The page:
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6 Types of Vitamin-Rich Food for a Healthy Lifestyle

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Whatever your motivation to pursue a healthy lifestyle; adopting nutritious, vitamin-rich eating habits ought to be your first step towards a better you. From losing weight to battling common ailments like cold and flu; eating well can boost body and mind, leaving you feeling refreshed, happy and invigorated.

The question is — what sort of foods should you eat as part of a healthy lifestyle? While we all know the supposed benefits of eating fresh fruit, veg and fish; which ingredients offer the best combination of flavour and nutritional value? We're here to answer these questions, by providing a list of 6 types of vitamin-rich foods to kick-start a healthy lifestyle.

Fish

When it comes to nutrition, fish offers a number of benefits, making it an essential component of a balanced and healthy diet. Fish is a high-protein, low-fat food which is packed with essential nutrients and minerals like vitamin D and omega-3 fatty acids, and studies show regular portions of white fish can help to maintain cardiovascular health.

But which fish should you be eating? Here's a list of the different types of fish which offer the best combination of health benefits and eco-friendly sustainability:

There are a number of benefits to eating fish.

  • Albacore tuna, from the US and Canada
  • Anchovies
  • Arctic char
  • Atlantic mackerel
  • Rainbow trout
  • Sablefish
  • Sardines
  • Wild salmon, from Alaska
There are a number of benefits to eating fish.There are a number of benefits to eating fish.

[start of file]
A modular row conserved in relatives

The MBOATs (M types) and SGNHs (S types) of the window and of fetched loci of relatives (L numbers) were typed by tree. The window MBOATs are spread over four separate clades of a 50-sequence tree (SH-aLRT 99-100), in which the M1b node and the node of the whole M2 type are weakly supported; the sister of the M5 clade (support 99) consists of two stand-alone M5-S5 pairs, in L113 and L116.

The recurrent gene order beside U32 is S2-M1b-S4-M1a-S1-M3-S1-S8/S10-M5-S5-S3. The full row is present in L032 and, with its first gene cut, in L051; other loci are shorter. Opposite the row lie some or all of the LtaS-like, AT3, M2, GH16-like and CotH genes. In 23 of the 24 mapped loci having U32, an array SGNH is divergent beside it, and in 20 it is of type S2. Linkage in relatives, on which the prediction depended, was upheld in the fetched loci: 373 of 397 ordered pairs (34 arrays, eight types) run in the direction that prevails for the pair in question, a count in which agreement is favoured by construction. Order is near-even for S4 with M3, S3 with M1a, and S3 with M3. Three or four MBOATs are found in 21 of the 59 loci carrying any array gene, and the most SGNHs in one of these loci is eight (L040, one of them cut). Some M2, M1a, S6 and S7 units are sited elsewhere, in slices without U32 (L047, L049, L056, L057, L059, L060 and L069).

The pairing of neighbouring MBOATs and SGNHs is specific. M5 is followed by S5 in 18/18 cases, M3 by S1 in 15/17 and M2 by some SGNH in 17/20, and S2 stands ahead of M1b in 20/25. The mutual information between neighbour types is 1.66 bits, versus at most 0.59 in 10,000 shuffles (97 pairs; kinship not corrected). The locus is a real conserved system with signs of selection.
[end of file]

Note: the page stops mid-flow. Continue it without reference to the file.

To sustain a healthy diet, the NHS recommends eating at least two portions of fish a week, one of which should be an oily variety like pilchard, salmon or herring.

Oranges

Oranges are one of the best-loved types of fruit in the world, and when you consider the various health benefits of this colourful citrus fruit, it's little wonder they've proved so enduringly popular. Oranges are, of course, packed with vitamin C, which is essential to bone and muscle development, but there's more to this sweet and delicious citrus fruit than a single mineral.

The humble orange is packed with a huge variety of different vitamins and minerals, including vitamin B1 (used to metabolise fats and protein), folate (good for cell generation) and pantothenic acid, which is an essential mineral in the production of energy.

As well as these vital minerals, oranges contain high amounts of fibre, which is an essential component of coronary health, and can also help improve digestive processes. If you love oranges as much as us, doctors recommend eating two to three a day to take advantage of the benefits they offer.

Leafy Greens

"Eat your greens" might send shivers through youngsters, but it seems mums were right to insist their kids eat at least a handful of these nutritious veggies. What constitutes a leafy green? There are actually lots of vegetables which could be classified as being leafy and green, but the main ones normally associated with the term include:

  • Cruciferous greens — like kale, collard greens, cabbage, broccoli and mustard greens.
  • Spinach and swiss chard.
  • Lettuces — specifically dark green varieties like romaine, butterhead and arugula.
  • Other green leaves - like watercress, chickweed and red clover.
When it comes to food, green is good.When it comes to food, green is good.